A neighborhood in Belle Meade is buzzing after discovering more than a dozen 100-year-old trees were chopped down in a neighborhood park. Several stumps and plots can be seen where trees once stood in Harding Park.
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The council member for that area said Metro Codes messed up, and she has the documentation to prove it.
"When the chain saws started cutting down the trees, I got about eight phone calls," said Councilwoman Emily Evans.
Harding Park is privately owned by Harding Academy. The school cut the trees down Friday after getting a tree removal permit from Metro Zoning Administrator Sonny West.
"All of a sudden, Harding comes along and says, 'We'd like to continue working on this 2003 plan,'" said West. "I said, 'OK, here it is, trees to be removed.'"
But Evans said granting the permit solely on a site plan was a mistake because of past litigation decisions.
"A tree removal permit had been issued in 2003 and then revoked because it wasn't consistent with the Metro Code that says a Metro park, a private park, has to be maintained in a natural state," said Evans.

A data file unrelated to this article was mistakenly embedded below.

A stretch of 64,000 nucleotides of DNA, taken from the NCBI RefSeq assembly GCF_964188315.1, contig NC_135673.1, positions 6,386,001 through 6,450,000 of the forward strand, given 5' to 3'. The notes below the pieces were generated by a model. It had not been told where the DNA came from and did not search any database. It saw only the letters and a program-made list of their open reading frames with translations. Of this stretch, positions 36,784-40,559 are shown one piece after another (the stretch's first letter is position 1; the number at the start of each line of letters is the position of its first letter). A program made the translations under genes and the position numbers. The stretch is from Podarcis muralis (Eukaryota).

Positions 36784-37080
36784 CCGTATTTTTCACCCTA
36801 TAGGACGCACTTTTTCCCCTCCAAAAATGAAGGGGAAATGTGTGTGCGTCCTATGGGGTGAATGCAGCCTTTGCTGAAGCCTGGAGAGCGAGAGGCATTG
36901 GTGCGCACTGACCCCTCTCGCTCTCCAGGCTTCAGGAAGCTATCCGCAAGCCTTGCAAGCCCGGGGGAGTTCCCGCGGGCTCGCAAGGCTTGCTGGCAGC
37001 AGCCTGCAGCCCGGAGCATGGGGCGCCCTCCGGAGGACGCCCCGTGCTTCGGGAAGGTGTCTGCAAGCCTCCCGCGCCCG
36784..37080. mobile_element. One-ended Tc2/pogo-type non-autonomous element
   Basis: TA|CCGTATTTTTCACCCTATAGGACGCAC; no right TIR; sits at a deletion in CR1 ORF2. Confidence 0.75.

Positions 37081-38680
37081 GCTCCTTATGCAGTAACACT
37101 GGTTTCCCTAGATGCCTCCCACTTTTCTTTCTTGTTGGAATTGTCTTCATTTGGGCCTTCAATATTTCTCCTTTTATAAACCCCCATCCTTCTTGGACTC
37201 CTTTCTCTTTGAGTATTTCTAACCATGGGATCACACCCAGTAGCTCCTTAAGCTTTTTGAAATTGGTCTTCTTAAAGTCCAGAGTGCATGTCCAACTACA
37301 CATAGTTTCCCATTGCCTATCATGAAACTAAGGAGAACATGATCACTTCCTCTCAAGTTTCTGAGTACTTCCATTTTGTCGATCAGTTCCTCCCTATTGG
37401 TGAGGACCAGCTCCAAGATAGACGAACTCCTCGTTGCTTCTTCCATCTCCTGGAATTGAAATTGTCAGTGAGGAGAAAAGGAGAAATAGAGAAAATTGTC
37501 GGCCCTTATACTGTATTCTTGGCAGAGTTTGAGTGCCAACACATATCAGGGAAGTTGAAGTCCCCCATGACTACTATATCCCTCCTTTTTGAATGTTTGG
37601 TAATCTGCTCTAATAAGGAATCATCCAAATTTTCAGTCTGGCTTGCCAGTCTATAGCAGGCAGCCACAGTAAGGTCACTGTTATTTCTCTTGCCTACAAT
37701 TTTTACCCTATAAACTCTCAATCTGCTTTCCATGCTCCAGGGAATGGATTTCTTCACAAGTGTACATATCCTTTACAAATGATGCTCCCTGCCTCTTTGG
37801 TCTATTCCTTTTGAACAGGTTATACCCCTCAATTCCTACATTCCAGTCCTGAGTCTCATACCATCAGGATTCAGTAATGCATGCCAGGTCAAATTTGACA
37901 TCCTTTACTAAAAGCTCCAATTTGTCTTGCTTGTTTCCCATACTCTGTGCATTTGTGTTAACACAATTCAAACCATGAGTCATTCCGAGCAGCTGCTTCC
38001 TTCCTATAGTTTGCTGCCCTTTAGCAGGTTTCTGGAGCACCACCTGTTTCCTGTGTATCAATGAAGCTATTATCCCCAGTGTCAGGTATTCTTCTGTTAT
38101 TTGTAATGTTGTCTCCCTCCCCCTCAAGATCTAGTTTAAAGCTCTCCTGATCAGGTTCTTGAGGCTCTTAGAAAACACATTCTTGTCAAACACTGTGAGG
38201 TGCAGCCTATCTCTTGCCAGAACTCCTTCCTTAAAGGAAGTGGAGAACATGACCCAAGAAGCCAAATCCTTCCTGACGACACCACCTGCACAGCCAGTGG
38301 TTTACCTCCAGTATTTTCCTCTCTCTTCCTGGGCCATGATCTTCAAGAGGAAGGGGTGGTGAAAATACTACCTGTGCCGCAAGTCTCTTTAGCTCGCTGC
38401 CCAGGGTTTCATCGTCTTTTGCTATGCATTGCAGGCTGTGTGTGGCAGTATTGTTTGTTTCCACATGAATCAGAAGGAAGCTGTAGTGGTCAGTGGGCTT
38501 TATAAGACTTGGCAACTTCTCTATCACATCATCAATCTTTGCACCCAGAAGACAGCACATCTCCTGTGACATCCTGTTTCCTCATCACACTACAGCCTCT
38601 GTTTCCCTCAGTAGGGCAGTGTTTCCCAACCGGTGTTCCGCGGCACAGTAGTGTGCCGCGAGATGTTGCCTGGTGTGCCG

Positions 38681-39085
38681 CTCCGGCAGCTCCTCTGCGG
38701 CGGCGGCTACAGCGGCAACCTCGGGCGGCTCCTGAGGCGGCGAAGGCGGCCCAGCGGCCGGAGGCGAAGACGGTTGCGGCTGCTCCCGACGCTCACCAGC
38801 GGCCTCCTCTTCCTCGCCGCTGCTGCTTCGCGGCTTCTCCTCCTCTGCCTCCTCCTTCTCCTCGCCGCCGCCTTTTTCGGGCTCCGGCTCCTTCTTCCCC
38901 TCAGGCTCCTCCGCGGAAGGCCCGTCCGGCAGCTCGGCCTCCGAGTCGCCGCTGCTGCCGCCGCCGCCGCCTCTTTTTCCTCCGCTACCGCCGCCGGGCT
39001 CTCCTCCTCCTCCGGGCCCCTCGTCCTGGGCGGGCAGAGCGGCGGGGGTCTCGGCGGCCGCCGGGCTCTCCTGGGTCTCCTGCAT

At issue is the definition of "natural state" -- something that happens to not be defined in the Metro code.
"Trees are fair game today under the code," said West.
But in a letter West wrote in 2006, he said, "All plant material (trees and shrubs) should be left undisturbed with the exception of weeds, vines and non-native material."
"It is my opinion, and I have shared this with Metro, that a couple of phone calls should have been made to clarify exactly what the record actually showed here," said Evans.
West said he stands by his permit.
"I regret the school didn't tell the neighbors what they were fixing to do. Should I have done that? Maybe in retrospect," he said.
Evans said the school is planning to plant more trees around the park's perimeter to make up for the ones that were cut down.
She said she may look at a proposal to clarify the language of the code so this doesn't happen again.